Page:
Rocket-fast embedded TypeScript for MakeCode Arcade by @MSFTResearch #MakeCode #MakeCodeArcade #Typescript #Microsoft #PyBadge @

Rocket-fast embedded TypeScript for MakeCode Arcade

Via Twitter on the Microsoft Research Blog, Microsoft MakeCode is a computing education platform all about making programming easier, more engaging, and just plain friendlier.

…If we were going to inspire the next generation of coders, easier entry into the world of computer science would be important. To accomplish this, we designed a high-level programming language with text and graphical input modalities along with a simple yet powerful set of programming libraries. Today, the language, Static TypeScript (STS), is used in all seven MakeCode editors, and its ability to meet the demands of programs requiring higher levels of performance is on full display in the latest addition to the platform, MakeCode Arcade.

With Arcade, STS lets developers of all skill levels easily write cool retro-style pixelated games—think Super Mario Bros., but even better because it’s designed by the user—to be run either inside a virtual game console in the browser or on inexpensive microcontroller-based handhelds.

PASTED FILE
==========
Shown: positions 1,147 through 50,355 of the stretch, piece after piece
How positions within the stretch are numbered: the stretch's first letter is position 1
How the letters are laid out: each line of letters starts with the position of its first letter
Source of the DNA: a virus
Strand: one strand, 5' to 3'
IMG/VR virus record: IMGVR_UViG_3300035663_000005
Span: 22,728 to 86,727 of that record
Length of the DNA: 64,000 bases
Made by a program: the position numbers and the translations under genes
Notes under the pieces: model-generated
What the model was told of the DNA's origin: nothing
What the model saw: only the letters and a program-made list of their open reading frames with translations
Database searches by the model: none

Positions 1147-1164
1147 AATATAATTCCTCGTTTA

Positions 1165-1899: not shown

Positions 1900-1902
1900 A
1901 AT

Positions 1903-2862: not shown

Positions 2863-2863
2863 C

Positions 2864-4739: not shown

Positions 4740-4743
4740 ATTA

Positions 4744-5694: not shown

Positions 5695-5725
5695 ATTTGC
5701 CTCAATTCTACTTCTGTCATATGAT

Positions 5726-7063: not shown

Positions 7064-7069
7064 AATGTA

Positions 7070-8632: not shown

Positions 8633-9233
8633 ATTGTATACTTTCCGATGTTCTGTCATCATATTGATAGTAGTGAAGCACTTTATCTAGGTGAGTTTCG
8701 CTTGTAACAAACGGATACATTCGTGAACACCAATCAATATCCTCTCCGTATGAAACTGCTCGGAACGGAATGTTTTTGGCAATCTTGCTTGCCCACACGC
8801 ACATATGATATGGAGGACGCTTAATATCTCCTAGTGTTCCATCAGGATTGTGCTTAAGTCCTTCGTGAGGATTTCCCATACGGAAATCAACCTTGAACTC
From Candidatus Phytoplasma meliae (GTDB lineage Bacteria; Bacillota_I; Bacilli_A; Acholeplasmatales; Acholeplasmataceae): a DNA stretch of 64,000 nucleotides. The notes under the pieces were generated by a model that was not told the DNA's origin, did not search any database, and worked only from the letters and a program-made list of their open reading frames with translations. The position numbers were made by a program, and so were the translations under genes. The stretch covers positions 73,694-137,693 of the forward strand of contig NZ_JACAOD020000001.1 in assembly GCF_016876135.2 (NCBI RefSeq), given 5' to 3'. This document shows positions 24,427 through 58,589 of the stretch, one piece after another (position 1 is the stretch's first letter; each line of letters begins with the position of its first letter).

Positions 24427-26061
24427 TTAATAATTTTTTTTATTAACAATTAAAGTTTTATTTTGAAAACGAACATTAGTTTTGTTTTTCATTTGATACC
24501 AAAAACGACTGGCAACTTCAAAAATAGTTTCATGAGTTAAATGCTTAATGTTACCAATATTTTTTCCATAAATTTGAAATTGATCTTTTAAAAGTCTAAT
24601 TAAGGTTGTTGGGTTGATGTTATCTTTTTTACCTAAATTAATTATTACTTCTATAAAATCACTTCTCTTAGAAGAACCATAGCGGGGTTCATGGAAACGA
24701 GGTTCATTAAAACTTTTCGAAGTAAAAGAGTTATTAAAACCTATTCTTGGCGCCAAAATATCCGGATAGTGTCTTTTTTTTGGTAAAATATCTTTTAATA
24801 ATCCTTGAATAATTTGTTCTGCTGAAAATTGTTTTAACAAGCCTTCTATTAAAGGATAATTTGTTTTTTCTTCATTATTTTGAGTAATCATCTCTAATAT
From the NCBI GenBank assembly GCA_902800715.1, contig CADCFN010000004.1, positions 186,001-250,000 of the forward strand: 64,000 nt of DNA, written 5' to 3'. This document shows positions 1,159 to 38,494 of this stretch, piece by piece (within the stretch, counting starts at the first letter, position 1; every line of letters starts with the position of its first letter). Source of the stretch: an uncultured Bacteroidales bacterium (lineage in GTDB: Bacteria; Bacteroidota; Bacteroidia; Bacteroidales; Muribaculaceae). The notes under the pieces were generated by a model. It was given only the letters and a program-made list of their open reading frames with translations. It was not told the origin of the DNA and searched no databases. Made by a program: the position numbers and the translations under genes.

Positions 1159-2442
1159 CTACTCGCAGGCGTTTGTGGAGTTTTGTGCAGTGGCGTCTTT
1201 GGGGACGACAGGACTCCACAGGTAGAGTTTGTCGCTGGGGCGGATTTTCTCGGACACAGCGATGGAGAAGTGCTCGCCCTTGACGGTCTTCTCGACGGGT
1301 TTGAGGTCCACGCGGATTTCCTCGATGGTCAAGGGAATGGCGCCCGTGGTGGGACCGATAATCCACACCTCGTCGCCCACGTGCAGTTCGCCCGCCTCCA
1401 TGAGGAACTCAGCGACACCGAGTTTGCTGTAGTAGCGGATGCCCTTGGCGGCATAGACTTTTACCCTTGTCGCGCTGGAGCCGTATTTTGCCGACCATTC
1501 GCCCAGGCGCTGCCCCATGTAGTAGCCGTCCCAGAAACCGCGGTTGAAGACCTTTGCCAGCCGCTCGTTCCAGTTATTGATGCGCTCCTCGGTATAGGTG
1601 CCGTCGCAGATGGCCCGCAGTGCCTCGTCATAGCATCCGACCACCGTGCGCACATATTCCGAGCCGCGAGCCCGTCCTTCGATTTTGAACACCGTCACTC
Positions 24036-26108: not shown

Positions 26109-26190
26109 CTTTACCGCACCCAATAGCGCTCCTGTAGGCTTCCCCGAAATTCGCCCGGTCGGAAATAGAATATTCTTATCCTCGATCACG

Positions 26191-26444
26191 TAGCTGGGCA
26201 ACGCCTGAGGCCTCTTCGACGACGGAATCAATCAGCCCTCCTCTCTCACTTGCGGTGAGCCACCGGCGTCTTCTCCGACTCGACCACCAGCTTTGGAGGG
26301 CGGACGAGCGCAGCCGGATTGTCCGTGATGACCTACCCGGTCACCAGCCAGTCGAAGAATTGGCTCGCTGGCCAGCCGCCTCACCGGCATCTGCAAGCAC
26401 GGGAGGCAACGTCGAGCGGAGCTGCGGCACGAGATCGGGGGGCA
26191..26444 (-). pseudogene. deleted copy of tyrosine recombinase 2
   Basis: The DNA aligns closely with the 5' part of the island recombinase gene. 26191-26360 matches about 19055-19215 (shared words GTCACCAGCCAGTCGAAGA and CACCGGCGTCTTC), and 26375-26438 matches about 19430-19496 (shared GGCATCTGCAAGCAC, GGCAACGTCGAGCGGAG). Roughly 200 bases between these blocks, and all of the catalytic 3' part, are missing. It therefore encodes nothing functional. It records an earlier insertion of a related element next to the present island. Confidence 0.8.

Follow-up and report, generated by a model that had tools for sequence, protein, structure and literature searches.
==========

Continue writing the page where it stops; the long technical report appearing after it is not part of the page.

Throwing back with MakeCode Arcade

While memory usage requirements initially guided the design of the MakeCode runtime system and slow execution time isn’t generally a significant problem for most MakeCode editors, execution performance became paramount with Arcade. Arcade sports a 160 × 120 pixel screen with a palette of 16 colors, a four-channel retro-appropriate sound synthesizer, and six game buttons plus menu and reset. Arcade hardware runs on MCUs with around 100 KB of RAM running at around 100 megahertz.

Tha Adafruit PyBadge running MakeCode Arcade

To provide enough performance while still allowing a high-level of abstraction, MakeCode compiles a subset of TypeScript directly to Arm Thumb machine code, all locally in the MakeCode web application, so no installation is required. After the first load, the MakeCode web app runs fully offline, as it doesn’t rely on cloud service for compilation. Programs are then transferred using a familiar USB flash drive mechanism or directly with the new WebUSB standard.

Read more on the Microsoft Research blog.

Check out the latest Microsoft MakeCode Arcade here.

Check out the Adafruit PyBadge – MakeCode and MakeCode Arcade compatible.

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